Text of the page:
In 2014 Ms Thompson started a petition with Change.org that gained over 200,000 signatures, helping to secure a Parliamentary Select Committee Inquiry in March 2015, which came up with 26 recommendations.  

However, the Government rejected her calls for an independent review into her brother's death and the deaths of others in similar circumstances. They also rejected the recommendation of the select committee that the number of peer reviews into deaths of persons subject to a sanction be made public.   

During the inquiry, in an emotional confrontation last February, Ms Thompson presented an image of her late brother to the former Employment Minister Esther McVey. “A diabetic cannot wait two weeks,” she said – in reference to the amount of time a Jobseeker’s Allowance claimant, when sanctioned, has to wait to receive a hardship payment.

"‘It’s complicated.’ That’s all she [Esther McVey] said to me."

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Gill Thompson believes the sanction took away her brother's 'lifeline'

Merry Varney from the law firm Leigh Day who is representing Ms Thompson in her fight for an inquest into her brother’s death, said:  “David had a made a significant contribution to the wider public good, working in the Forces at a difficult time and later providing personal care for his elderly mother. At the time he needed support, he was made destitute for failing to attend a meeting.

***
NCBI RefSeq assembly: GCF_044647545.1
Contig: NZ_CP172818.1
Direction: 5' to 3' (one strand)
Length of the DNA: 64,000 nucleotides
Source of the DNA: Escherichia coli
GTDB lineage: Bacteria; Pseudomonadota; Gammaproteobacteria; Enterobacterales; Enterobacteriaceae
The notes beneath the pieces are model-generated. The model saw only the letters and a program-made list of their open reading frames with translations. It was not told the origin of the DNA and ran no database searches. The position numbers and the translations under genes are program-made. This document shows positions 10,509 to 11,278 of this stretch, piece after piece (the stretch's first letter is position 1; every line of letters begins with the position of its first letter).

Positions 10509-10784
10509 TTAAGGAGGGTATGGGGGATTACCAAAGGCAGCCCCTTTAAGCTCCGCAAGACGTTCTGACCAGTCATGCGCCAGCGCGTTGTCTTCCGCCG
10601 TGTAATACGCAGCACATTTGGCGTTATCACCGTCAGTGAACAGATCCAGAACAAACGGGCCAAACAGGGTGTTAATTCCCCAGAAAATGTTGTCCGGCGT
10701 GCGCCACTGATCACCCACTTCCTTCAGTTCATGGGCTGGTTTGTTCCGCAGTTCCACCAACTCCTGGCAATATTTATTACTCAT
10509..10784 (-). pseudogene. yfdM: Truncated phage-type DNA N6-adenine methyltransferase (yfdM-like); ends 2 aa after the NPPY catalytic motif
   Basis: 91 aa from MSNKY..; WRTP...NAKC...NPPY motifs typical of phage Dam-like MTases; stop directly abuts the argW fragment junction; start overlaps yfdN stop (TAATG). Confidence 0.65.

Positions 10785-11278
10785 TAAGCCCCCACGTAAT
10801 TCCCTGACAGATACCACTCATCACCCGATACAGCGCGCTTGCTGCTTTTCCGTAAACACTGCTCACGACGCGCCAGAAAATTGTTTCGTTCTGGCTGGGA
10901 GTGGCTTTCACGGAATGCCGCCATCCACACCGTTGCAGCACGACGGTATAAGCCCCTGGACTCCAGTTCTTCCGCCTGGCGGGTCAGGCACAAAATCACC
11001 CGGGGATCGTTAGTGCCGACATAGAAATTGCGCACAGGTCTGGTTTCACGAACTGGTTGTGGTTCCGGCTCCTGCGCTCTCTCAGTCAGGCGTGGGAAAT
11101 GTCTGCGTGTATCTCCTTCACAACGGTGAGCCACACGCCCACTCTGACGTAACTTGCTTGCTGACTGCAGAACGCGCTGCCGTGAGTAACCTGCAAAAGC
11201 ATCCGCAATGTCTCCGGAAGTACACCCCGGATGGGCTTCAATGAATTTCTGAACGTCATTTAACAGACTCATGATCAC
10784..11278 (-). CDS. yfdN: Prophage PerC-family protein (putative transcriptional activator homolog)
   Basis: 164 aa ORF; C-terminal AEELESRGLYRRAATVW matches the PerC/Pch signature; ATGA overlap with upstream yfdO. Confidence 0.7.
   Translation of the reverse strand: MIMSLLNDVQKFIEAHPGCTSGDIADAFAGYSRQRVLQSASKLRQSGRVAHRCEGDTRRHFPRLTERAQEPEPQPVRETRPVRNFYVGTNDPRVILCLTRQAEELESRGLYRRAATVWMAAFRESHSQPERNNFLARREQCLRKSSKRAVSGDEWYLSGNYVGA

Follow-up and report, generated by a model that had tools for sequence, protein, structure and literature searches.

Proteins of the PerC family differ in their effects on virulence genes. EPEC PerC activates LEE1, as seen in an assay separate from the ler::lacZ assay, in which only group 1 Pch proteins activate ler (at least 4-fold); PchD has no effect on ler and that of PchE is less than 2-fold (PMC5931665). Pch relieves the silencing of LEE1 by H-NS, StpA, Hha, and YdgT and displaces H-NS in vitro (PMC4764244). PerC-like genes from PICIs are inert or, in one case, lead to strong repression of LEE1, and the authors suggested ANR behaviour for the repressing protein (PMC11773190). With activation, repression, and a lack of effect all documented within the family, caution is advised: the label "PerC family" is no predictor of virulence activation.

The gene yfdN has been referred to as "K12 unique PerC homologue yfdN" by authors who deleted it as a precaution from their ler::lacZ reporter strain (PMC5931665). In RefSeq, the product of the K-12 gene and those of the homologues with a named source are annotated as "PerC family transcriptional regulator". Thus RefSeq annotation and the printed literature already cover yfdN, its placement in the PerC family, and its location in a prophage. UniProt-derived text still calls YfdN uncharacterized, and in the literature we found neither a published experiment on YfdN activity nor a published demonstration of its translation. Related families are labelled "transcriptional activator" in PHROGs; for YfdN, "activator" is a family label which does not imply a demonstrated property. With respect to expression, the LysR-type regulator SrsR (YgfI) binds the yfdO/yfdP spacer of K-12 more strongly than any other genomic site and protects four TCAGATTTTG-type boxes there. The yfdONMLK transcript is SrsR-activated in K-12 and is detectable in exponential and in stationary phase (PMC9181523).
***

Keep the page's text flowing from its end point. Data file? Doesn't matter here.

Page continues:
“Managing Type 1 Diabetes requires good nutrition and regular insulin injections. Rendering a person unable to afford food and/or unable to chill their insulin is likely to have fatal consequences. David’s death must be investigated to make sure safeguards are in place to protect others and to establish whether the DWP knowingly cut off David’s lifeline.”

A spokesperson for the Department for Work and Pensions said: “Our sympathies are with the family of Mr Clapson.” 

They added: “Decisions on sanctions aren’t taken lightly — they are only ever used as a last resort and after we have taken every opportunity to contact the individual… Even when someone is sanctioned they can still get financial support through the hardship fund and we continue to spend around £80bn a year on working age benefits to ensure a safety net is in place….Mr Clapson did not appeal or ask for a reconsideration of the sanction, or apply for a hardship payment.”

Shadow Minister for Disabled People, Debbie Abrahams MP, who has been a long standing supporter of Ms Thompson's campaign to have a full independent inquiry into her brother’s death, said: “Gill is a quiet but immensely strong and determined woman who will not let this Government get away with their ideologically driven agenda to hammer the sick and disabled in our society.

“Gill is just one of thousands of family members and friends left devastated by the misery Iain Duncan Smith’s sanctions regime has been inflicting on vulnerable people over the last few years.

“Politicians like me can shout from the rooftops of Parliament about the injustices that are being meted out by this Government but it really does take brave people like Gill to bring issues like this to the public’s attention and she deserves our support and admiration for doing so.”